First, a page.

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 Presented by

   Ven. Weragoda Sarada Maha Thero




1 (6) The Story of  Monk Mahakala (Verses 7 & 8 )



Death overpowers the sensuous, undisciplined and gluttonous like the wind a weak tree.


Subhanupassim viharantam

indriyesu asamvutam

bhojanamhi amattannum

kusitam hinaviriyam

tam ve pasahati maro

vato reukkham'va dubbalam (1:7)

One who beauty contemplates,

whose faculties are unrestrained,

in food no moderation knows,

is languid, who is indolent:

That one does Mara overthrow

as wind a tree of little strength.


Sloth Defeats Spirituality


While residing in the neighbourhood of the town of Setavya, the Buddha uttered these verses, with reference to Mahakala and his brother Culakala.  For Culakala, majjhimakala, and Mahakala were three househloders who lived in Setavya, and they were brothers.  Culakala and Mahakala, the oldest and youngest respectively, used to travel abroad with their caravan of five hundred carts and bring home goods to sell, and Majjhimakala sold the goods they brought. Now on a certain occasion the two brothers, taking wares of various kinds in their five hundred carts, set out for Savatthi, and halting between Savatthi and Jatavana, unharnessed their carts. In the evening Mahakala saw Noble Disciples, residents of Savatthi, with garlands and perfumes in their hands, going to hear the Law. "Where are they were going?" he asked.  Receiving the answer that they are going to hear the Law, he thought to himself, "I will go too." So he addressed his youngest brother, "Dear brother, keep watch over the carts; I am going to hear the Law." So saying, he went and paid obeisance to the Buddha and sat down in the outer circle of the congregation. 

On that day the Teacher preached the Law in orderly sequence with the reference to Mahakala's disposition of mind, and quoting the Sutta on the Aggregate of Suffering, and other Suttas, discoursed on the sinfulness and folly and contamination of sensual pleasures. Mahakal, after listening to the discourse, became a monk under the Teacher. Culakala likewise became a monk. But the thought in Culakala's mind was, "After a time I will return to the world and take my brother with me."

Somewhat later Mahakala made his full profession, and approaching the Teacher, asked Him, "How many duties are there in this Religion?" The Teacher informed him that there him that there were two. Said Mahakala, "Venerable, since I became a monk in old age, I shall not be able to fulfill the Duty of Study, but I can fulfill the Duty of Contemplation." So he had the Teacher instructed him in the Practice of meditation in a cemetery, which leads to Arahatship. At the end of the first watch, when everyone else was asleep, he went to the cemetery, at dawn, before anyone else had risen, he returned to the Monastery. Now a certain young woman of station was attacked by a disease, and the very moment the disease attacked her, she died, in the evening without a sign of old age or weakness.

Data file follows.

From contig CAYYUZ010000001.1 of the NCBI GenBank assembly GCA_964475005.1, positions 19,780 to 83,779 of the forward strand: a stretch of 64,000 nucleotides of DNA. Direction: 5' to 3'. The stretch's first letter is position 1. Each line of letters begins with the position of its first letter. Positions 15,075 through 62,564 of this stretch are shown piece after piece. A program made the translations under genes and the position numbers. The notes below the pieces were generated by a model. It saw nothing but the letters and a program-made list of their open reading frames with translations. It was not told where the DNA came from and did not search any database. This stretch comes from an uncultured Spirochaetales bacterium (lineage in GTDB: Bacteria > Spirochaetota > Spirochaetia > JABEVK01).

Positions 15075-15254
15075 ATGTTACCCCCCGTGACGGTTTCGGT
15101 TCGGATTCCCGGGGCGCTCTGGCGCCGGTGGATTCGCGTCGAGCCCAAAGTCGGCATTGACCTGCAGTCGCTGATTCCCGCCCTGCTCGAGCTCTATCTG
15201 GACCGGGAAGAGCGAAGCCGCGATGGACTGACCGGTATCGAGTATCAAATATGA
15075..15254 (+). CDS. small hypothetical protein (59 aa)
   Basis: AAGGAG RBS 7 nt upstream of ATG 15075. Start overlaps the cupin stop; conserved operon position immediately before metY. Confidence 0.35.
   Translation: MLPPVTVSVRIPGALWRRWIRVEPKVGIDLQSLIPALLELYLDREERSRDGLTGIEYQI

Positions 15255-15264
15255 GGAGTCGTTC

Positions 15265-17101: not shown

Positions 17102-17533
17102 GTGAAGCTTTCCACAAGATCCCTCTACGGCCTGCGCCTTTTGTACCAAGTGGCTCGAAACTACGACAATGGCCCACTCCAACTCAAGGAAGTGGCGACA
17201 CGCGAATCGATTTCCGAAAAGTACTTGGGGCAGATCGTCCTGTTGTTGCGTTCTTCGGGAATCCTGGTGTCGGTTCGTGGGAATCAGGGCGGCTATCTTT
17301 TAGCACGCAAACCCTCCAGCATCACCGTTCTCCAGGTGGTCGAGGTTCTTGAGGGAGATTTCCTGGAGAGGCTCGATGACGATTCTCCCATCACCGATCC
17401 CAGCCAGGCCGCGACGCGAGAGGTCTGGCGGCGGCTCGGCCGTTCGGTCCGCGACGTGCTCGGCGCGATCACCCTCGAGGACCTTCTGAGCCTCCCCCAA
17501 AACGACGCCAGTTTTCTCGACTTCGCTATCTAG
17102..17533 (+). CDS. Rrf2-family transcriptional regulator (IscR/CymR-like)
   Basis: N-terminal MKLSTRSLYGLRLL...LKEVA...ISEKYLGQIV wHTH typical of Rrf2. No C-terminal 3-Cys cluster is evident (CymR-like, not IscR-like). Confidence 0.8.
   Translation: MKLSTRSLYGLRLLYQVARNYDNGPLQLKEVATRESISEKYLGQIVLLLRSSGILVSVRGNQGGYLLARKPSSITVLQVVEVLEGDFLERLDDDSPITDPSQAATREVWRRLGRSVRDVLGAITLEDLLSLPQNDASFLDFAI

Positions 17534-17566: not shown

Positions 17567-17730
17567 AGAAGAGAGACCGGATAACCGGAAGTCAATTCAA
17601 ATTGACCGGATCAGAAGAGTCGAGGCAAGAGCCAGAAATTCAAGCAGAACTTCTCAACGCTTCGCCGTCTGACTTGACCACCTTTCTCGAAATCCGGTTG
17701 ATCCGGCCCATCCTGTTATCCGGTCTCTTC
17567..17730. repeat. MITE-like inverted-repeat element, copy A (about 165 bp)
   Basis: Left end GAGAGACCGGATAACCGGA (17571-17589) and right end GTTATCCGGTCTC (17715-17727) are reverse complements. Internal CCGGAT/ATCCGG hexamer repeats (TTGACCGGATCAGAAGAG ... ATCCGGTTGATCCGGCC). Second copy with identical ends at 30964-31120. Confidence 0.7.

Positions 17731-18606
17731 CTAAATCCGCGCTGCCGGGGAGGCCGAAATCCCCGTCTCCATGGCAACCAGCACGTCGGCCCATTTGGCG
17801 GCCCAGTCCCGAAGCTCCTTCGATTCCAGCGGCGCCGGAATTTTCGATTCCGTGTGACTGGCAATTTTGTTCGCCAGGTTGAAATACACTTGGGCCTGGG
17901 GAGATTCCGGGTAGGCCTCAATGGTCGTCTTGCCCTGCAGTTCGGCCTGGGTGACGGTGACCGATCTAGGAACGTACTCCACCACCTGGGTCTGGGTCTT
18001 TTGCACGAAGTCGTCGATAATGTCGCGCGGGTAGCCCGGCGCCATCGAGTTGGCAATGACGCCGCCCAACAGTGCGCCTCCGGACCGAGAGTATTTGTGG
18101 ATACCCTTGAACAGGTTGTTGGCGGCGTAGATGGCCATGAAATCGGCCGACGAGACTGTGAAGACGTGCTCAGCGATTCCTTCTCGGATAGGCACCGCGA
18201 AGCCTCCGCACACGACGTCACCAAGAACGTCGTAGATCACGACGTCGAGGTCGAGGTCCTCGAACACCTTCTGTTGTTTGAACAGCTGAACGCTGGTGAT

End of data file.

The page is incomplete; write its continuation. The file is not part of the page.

In the evening her kinsfolk and friends brought her body to the burning-ground, with firewood, oil and other requisites, and said to the keeper of the burning-ground, " Burn this body." And paying the keeper the usual fee, they turned the body over to her and departed. When the keeper of the burning-ground removed the woman's dress and beheld her beautiful golden-hued body, she straightway thought to herself, "This corpse is a suitable Subject of Meditation to show to His reverence." So she went to the Venerable, paid obeisance to him, and said, "I have a remarkably good subject of Meditation; pray look at it, Venerable," "Very well," said the Venerable. So he went and caused the dress which covered the corpse to be removed, and surveyed the body from the soles of the feet to the tips of the hair. Then he said, "Throw this beautiful golden-hued body into the fire, and as soon as the tongues of fire lave laid hold of it, please tell me."  So saying, he went to his own place and sat down. The keeper of the burning-ground did as she was told and went and informed the Venerable. The Venerable came and surveyed the body. Where the flamed had touched the flesh, the colour of her body was like that of a mottled cow; the feet stuck out and hung down; the hands were curled back; the forehead was without skin. The Venerable thought to himself, "This body, which but now caused those who looked thereon to forget the Sacred Word, has but now attained decay, has but now attained death." And going to his night-quarters, he sat down, discerning clearly Decay and Death. Mahakala developed Spiritual Insight and attained Arahatship, together with the Supernatural Faculties.                                                          (cont'd next week)

                   * * * * *                                                  

subhanupassim- dwelling on the attractiveness of sensual pleasures;

viharantam - he who lives;

indriyesu - in senses  

asamvutam - unguarded;

bhojananhi ca- in food also; 

amattannum: immoderate;

kusitam: lazy;

hinaviriym: weak in making an effort;

tam: that person;

Maro: emotion personified as "Mara" (the equivalent of Devil);

ve - indeed;

pasahati - overpowers;

vato - the wind;

sdubbalam - weak

rukkham - tree

iva - like.

Those who dwell on the attractiveness of  sensual enjoyments, and live with the senses unguarded, and are immoderate in eating, they are slothful and weak in perseverance and will-power. Emotions overpower such persons as easily as the wind overpowers a weak tree.  





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